Best Bets: Valentine’s Day opera, literature from around the world, and more

Singer-songwriter Kat Edmonson will live-stream a show from her New York home as part of the Hammer Theatre Center’s Black Cab Jazz series. (Mike Epstein/courtesy of Kat Edmonson)

If music be the food of love: Livermore Valley Opera is borrowing a phrase from the Richard Rodgers songbook to give title to an upcoming free digital concert in honor of Valentine’s Day. So snuggle up with your sweetie and tune in to “Isn’t It Romantic?” as it livestreams from the Opera’s YouTube channel at 6 p.m. Saturday. Soprano Sarah Cambidge and tenor Kyle van Schoonhoven, alumni of both the Merola Opera and the Adler Fellows programs run by San Francisco Opera, will don cuddly personas and serenade you with duets from Puccini’s “Tosca” and Wagner’s “Die Walkure” as well as love-themed works by Tchaikovsky and Joseph Marx. Alexander Katsman, LVO music director, will provide accompaniment, and there will be English subtitles. The concert will remain on the site indefinitely for reaccess, and the opera company has arranged a 10% discount on delivery and takeout from restaurant sponsor Uncle Yu’s at the Vineyard in Livermore from Friday-Feb. 18 if you mention LVO while ordering. Find details at livermorevalleyopera.com.

Singers Sarah Cambidge and Kyle Van Schoonhoven will be featured in Livermore Valley Opera’s “Isn’t It Romantic?” concert. (Courtesy of LVO)

No passports required: We the pandemic imprisoned are invited on an armchair trip around the globe, courtesy of a dozen book festivals in that many countries, all of them participating in a 12-hour online authorapalooza called “Literature Live Around the World.” The brainchild of LitFestBergen of Norway, it kicks off on Friday and will remain accessible through Feb. 22. Each festival participating – and the United States is represented by our very own Bay Area Book Festival, presenting married couple authors Dave Eggers and Vendela Vida – will offer a one-hour curated live program focusing on the literary scene in its area.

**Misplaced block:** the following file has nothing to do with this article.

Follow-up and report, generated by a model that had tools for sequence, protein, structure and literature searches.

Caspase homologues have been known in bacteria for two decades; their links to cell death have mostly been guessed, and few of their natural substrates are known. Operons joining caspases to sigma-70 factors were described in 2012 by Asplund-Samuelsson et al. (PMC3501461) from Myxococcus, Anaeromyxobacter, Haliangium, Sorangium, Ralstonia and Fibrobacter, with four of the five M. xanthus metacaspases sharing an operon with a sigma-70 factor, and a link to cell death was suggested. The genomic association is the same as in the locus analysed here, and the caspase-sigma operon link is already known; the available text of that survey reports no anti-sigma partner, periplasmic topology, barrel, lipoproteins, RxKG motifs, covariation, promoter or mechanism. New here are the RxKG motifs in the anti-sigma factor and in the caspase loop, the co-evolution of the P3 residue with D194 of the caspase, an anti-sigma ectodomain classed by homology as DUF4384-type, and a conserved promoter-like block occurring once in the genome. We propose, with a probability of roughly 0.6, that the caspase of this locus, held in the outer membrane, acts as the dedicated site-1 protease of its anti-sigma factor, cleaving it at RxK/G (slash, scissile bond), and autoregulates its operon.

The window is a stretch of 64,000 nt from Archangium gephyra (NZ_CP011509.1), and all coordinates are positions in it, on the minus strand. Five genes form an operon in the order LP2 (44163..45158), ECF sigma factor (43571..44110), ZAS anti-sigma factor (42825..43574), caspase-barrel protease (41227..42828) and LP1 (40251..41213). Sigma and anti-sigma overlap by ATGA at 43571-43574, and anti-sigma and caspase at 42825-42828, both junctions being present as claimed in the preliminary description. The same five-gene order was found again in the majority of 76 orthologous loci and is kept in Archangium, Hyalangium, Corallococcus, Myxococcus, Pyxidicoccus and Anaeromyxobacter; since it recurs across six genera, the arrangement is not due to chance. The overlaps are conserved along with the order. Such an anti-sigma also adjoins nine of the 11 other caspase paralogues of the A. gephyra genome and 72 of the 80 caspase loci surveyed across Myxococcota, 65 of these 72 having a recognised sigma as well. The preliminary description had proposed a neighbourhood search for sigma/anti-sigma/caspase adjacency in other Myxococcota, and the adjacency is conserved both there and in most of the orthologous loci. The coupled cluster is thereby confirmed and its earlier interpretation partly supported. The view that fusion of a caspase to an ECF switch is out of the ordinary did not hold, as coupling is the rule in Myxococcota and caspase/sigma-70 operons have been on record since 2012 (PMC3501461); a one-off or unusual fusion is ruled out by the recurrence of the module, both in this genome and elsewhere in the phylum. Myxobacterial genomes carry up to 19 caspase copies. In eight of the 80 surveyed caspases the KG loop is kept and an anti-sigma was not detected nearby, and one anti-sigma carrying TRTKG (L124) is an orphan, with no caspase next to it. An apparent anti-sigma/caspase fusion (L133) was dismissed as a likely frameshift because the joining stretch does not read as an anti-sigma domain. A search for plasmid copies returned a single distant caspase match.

LitFestBergen brings us, among others, the redoubtable Karl Ove Knausgaard, whose six-volume (!) memoir “My Struggle,” begun in 2008, was a publishing sensation that reverberated far beyond the Norwegian borders.

Karl Ove Knausgård (Photo by Nina Rangøy)

He will read from his new novel, “The Morning Star.” The 10 other festivals, all presenting in English, are: Treasure Beach, Jamaica; Buenos Aires, Argentina; Toronto, Canada; Dubai, United Arab Emirates; Perth, Australia; Edinburgh, Scotland; Lyon, France; Jaipur, India; Lagos, Nigeria; and Kabul, Afghanistan. The complete schedule, with program descriptions, featured authors and viewing times, can be accessed at www.baybookfest.org/bergen2021. A full replay of the entire 12 hours, available within 24 hours of the live streamcast, will be chaptered so that you can readily bounce from one country to another in any order you prefer.


Erica Felsch performs in “Fever,” part of Smuin Contemporary Ballet’s Valentine’s-themed Long DisDance Love program. (Chris Handy/Smuin Contemporary Ballet)